Specifying outdoor recreation’s economic value got much easier in 2016 when the U.S. Senate and House of Representatives passed the Outdoor Recreation Jobs and Economic Impact Act. President Obama signed the bipartisan act into law Dec. 8, directing the U.S. Bureau of Economic Analysis to compile and analyze outdoor recreation’s impact on the economy. “This is a landmark change for our industry because we can now count on the federal government to report the economic impact of outdoor recreation on federal lands similar to how it reports environmental impacts.”

3) Measure and use data that matters: “By tracking our industries’ collective economic impact, we can present hard, factual data that show why outdoor recreation, including archery and bowhunting, matter,” McAninch said. “Our collective economic impact keeps us well-positioned to help states and the federal government maximize the value of our nation’s public lands.”

Jay McAninch, center, delivers a Capitol Hill briefing March 7 as part of the 18-member Outdoor Recreation Industry Roundtable.

4) Increase public- and private-sector partnerships: Yes, it’s possible to invest private money into public lands for everyone’s benefit. Previous public/private partnerships were too rare, but included ski areas on national forests, lodges in national parks, and marinas on waterways. The potential is huge for private investment to update and improve access to millions of acres of land and water.

5) Build and improve public-land infrastructure: “We’re ready to invest in better trails for hiking, biking, hunting and horseback riding; and in marinas, restrooms, shooting ranges, fishing piers, trailhead parking, and campgrounds for tents to RVs,” McAninch said. “We want to repair or replace facilities that have fallen into disrepair, or are simply outdated. We also want to see more Wi-Fi and broadband service on federal lands. Like it or not, a new generation insists on staying connected wherever they go. If Wi-Fi and broadband help attract them to public lands, why not provide it?”

6) Change the mindset of federal agencies: “Probably the most significant request the ORIR is making is a cultural change in federal agencies toward visitors,” McAninch said. “We want land managers to see visitors as guests, and to maximize their experiences. We want federal agencies to reward improvements in customer service and increases in outdoor opportunities. Sadly, too much emphasis has been placed on protecting and limiting access, and maintaining visitation processes that don’t accommodate online reservations, real-time information, and other modern customer-service tools.”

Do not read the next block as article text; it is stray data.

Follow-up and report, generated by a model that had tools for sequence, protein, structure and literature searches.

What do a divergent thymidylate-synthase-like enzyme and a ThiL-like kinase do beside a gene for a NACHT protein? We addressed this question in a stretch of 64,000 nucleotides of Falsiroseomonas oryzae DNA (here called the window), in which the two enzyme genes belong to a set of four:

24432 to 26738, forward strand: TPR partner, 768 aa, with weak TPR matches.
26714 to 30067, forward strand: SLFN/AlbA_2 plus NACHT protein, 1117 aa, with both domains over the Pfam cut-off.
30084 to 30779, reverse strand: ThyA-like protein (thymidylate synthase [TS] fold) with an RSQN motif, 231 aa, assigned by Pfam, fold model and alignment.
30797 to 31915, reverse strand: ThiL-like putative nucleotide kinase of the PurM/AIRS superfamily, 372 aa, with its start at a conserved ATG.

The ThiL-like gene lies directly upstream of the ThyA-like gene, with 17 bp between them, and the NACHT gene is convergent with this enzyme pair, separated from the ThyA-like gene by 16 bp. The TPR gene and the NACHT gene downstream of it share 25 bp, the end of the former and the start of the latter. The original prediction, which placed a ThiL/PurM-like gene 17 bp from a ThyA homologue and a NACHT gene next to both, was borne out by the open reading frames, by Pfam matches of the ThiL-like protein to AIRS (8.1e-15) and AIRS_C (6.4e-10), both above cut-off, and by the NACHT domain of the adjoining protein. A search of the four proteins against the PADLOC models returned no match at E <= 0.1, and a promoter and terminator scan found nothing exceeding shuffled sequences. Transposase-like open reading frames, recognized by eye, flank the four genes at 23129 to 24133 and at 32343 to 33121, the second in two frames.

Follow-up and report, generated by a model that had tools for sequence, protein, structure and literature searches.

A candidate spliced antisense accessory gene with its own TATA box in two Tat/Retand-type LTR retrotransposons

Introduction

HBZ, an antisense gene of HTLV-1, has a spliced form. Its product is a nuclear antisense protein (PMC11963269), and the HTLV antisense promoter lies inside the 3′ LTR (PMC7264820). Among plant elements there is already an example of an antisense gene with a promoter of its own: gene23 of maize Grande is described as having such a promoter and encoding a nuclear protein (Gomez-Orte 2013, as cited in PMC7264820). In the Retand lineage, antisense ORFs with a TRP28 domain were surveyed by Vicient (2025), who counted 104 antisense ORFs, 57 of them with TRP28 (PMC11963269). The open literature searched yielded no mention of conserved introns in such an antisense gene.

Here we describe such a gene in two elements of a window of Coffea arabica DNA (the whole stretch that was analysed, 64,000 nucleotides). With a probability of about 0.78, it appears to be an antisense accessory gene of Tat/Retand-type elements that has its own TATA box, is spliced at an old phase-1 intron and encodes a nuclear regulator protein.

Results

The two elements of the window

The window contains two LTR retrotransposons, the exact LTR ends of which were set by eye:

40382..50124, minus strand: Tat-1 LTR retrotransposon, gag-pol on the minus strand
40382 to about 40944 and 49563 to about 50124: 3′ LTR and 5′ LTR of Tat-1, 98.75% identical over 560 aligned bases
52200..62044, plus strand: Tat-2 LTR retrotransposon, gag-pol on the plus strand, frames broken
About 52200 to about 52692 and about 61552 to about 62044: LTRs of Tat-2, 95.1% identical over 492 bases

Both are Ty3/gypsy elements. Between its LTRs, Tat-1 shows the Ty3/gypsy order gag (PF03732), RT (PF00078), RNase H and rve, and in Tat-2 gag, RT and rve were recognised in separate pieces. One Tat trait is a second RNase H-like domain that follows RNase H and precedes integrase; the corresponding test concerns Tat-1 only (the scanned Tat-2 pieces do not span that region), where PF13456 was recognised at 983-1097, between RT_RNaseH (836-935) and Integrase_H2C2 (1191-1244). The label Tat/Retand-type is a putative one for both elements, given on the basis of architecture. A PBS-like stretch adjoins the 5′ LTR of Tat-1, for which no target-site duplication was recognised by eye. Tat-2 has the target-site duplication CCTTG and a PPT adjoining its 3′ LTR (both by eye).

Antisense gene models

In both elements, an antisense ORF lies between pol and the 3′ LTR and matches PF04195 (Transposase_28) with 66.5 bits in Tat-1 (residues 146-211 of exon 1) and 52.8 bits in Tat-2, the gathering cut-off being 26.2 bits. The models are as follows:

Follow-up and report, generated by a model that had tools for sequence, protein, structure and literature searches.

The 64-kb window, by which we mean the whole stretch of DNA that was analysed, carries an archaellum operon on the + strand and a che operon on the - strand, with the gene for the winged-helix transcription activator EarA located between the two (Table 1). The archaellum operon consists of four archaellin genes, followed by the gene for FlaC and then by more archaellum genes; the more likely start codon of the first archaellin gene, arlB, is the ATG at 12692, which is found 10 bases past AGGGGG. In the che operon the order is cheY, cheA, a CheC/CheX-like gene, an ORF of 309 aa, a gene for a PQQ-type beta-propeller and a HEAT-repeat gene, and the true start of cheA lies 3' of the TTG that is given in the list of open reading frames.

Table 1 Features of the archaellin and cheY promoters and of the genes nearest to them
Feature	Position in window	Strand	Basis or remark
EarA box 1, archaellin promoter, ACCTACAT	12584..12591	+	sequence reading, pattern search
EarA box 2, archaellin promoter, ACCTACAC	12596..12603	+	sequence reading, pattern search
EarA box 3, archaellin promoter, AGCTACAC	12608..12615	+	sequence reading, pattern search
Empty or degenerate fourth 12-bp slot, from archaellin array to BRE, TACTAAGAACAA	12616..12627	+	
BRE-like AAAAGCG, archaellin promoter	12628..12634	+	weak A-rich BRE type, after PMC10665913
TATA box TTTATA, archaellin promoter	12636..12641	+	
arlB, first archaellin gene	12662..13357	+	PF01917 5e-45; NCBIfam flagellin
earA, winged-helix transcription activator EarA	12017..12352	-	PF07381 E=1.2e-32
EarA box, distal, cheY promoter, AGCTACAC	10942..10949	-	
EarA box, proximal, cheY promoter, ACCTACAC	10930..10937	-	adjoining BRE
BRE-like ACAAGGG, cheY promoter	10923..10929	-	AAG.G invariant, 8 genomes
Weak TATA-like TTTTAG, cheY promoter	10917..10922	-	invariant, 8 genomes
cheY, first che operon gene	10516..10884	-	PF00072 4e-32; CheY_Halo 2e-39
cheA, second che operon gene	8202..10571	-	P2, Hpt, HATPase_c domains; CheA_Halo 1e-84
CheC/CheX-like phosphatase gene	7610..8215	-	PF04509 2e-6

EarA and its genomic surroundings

Members of the Outdoor Recreation Industry Roundtable held briefings March 7 for the Senate and House of Representatives. The ORIR includes 18 trade associations ranging from boating and bowhunting to snowmobiling and horseback riding.

7) Expand the range of services: “People in our increasingly urban society need more than a picnic table and a patch of ground when they visit a national park or campground,” McAninch said. “They also want to bike, fish, hike, paddle, shoot archery, ride horses, bowhunt and drive ATVs and powerboats. Most federal lands aren’t dominated by environmentally sensitive or historically significant landmarks. They can accommodate a wider range of outdoor recreation.”

8) Develop digital-information strategies for federal-lands recreation: Americans need current and accurate information about where to find the experiences they seek. Once there, they’re eager to share their experiences digitally in real time. Federal-land managers must find new ways to keep the nation’s outdoor legacy relevant. Free, real-time communications help people share recreation on federal lands. Increased visitation increases the value of public lands to all Americans.

9) Bowhunting and archery are part of the public-lands conversation: Whether you’re bowhunting bears and deer in Virginia’s George Washington National Forest, or trophy elk in Montana’s Charles M. Russell National Wildlife Refuge, you understand the value of our nation’s federal lands. The ATA is working to ensure those opportunities remain while expanding access to archery ranges, and bowhunting and bowfishing on myriad federal lands nationwide.

“Archery and bowhunting have been part of the conversation during our briefings and meetings in Washington the past three months,” McAninch said. “Whether it’s Ryan Zinke, the new secretary of the Interior, or senators and congressmen, they’re all hearing our message and asking good questions.”

 

Share This Story